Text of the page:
Nutter renews efforts to collect overdue taxes

Posted: September 22, 2010

Continuing efforts to rein in the city's deadbeat taxpayers, Mayor Nutter stood outside a Northeast Philadelphia podiatry practice Tuesday and demanded that the owner cough up an estimated $114,000 in back taxes and penalties.

"This is not a threat. It's very real, and I'm not playing," Nutter said of his administration's commitment to collecting overdue taxes.

During a tax-amnesty program that ended in June, the city collected $40 million, with an additional $20 million going to the Philadelphia School District. Now, Nutter plans to go after the remaining businesses that still owe taxes.

"We cannot afford to underwrite or subsidize this business behind me," Nutter said. The Bustleton Podiatry Association, at 7936 Bustleton Ave., has not paid taxes since 1996, according to the Mayor's Office. Its overdue payments include wage and trust-fund taxes as well as interest and penalties.

The news conference originally had been scheduled for last Thursday, but the Mayor's Office canceled it to give Bustleton Podiatry more time to arrange a payment agreement with the city's Law Department. With no agreement in hand, Nutter announced Tuesday that an auction of furniture and other items would take place at the practice Sept. 30.

The mayor did not provide a specific reason for choosing Bustleton Podiatry. City Revenue Commissioner Keith Richardson said the business was not the largest delinquent in the city. Richardson, who was at the news conference, said that the mayor would hold similar media events "quite often," but that detailed plans had not yet been made.

"We were particularly surprised that this business was targeted because we have come forward and we have told the city that we would cooperate with them to resolve this," said Gary Krimstock, a lawyer for Bustleton Podiatry.

Both Nutter and Richardson emphasized that the amount of the practice's overdue taxes could support various city services, such as hiring two new firefighter or police recruits, or paying the salaries of four sanitation workers or library assistants.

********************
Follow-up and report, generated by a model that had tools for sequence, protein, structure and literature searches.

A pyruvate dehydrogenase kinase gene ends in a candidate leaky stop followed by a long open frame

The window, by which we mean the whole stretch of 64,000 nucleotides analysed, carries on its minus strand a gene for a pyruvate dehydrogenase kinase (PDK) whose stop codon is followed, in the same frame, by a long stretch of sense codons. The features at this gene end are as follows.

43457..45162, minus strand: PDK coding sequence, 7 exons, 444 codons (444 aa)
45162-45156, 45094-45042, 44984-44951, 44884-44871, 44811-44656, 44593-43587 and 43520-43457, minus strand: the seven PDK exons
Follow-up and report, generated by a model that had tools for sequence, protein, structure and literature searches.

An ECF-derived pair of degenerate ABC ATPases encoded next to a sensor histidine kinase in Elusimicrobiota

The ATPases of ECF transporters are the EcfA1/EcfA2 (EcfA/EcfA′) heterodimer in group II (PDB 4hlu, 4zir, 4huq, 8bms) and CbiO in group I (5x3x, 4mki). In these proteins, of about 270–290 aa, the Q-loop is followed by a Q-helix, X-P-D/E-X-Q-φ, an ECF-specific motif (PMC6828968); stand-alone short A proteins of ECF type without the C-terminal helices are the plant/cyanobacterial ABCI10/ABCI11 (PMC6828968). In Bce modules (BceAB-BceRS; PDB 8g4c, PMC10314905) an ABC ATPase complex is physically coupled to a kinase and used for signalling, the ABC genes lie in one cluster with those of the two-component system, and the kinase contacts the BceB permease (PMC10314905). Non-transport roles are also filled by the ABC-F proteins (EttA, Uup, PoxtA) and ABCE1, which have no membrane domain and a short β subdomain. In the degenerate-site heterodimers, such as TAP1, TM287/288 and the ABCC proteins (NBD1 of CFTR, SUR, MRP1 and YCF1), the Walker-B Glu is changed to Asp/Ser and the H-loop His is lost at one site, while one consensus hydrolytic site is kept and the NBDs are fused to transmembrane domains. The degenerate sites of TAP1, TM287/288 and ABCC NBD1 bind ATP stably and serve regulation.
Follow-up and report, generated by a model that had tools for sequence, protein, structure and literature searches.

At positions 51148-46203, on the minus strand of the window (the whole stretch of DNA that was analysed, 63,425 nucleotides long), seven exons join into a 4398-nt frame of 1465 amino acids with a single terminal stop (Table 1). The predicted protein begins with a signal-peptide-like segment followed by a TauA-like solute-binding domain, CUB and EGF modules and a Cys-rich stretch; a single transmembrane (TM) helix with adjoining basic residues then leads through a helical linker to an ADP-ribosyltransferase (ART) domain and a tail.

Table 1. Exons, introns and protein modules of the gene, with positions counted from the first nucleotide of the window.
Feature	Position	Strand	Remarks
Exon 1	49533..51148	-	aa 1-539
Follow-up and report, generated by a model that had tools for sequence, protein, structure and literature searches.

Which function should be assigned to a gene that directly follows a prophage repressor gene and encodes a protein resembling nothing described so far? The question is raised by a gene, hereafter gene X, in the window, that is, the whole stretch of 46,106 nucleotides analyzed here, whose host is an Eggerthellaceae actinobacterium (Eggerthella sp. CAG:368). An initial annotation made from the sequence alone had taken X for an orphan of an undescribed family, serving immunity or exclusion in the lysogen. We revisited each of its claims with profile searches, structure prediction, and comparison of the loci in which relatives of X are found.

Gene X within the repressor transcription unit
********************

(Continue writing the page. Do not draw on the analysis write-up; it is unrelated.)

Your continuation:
"They've enjoyed a full complement of services everyday and have refused to pay for them," Nutter said.

Krimstock said the owner of Bustleton Podiatry "suffered some financial hardships in his business and incurred these business debts."

Bustleton Podiatry was not in a position to reach an agreement with the Law Department because the practice's accountant was continuing to review tax returns, Krimstock explained. He said he believed the city's $114,000 figure might not be correct.

"We were very much working with the city to have an agreement, and we were not told that there was a deadline, 72 hours apparently. We were not told that we needed to have the agreement in writing," he said.

Krimstock said he had been communicating with the Law Department regularly before he was aware of the news conference. He said the practice found out about the original conference that was postponed when a notice was delivered last Thursday morning.

"These individuals did not take this seriously until today," mayoral spokeswoman Katie Martin said before Tuesday's news conference.

Richardson said the city would launch a website in three weeks with the names of tax delinquents and instructions on how to pay overdue taxes. The list will include private residents as well as businesses that owe real estate, water, business, and sewer taxes. Richardson said he hoped it would be as successful as a previous city website that listed delinquent businesses and brought in about $3 million to $4 million in late tax payments.

Contact staff writer Liz Gormisky at 215-854-2917 or

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